Charles Bennett of IBM Research is one of the
founding fathers of quantum information theory.
His work at IBM helped create a theoretical
foundation for quantum computing.
by crunching through data more
Yet only now, after decades of
gradual progress, are researchers
finally close to building quantum
computers powerful enough to do
things that conventional computers cannot. It’s a landmark somewhat theatrically dubbed “quantum
supremacy.” Google has been leading the charge toward this milestone, while Intel and Microsoft also
have significant quantum efforts.
And then there are well-funded
startups including Rigetti Computing, IonQ, and Quantum Circuits.
No other contender can match
IBM’s pedigree in this area, though.
Starting 50 years ago, the company
produced advances in materials science that laid the foundations for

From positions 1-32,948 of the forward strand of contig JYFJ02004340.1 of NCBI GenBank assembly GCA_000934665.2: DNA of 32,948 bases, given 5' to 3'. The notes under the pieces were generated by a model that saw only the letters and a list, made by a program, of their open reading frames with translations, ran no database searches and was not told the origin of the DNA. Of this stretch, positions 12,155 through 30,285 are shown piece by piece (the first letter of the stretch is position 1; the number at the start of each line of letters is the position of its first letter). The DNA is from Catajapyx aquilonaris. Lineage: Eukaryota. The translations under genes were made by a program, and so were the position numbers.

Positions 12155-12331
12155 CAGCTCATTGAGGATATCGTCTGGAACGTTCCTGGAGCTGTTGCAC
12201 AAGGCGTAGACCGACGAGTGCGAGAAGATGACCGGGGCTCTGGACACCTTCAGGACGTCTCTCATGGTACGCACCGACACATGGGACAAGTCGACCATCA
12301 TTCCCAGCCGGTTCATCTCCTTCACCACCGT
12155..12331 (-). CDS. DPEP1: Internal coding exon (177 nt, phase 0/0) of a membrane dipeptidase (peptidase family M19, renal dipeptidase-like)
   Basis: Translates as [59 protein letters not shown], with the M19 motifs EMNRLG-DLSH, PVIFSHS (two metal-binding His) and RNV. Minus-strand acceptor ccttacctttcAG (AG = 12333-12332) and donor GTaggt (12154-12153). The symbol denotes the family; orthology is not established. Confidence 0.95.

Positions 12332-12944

the computer revolution. Which is
why, last October, I found myself at
IBM’s Thomas J. Watson Research
Center to try to answer these questions: What, if anything, will a
quantum computer be good for?
And can a practical, reliable one
even be built?
Why we think we
need a quantum computer
The research center, located in
Yorktown Heights, looks a bit
like a flying saucer as imagined
in 1961. It was designed by the
neo-futurist architect Eero Saarinen and built during IBM’s heyday as a maker of large mainframe
business machines. IBM was the
world’s largest computer company,
and within a decade of the research
center’s construction it had become
the world’s fifth-largest company
of any kind, just behind Ford and
While the hallways of the build-
ing look out onto the countryside,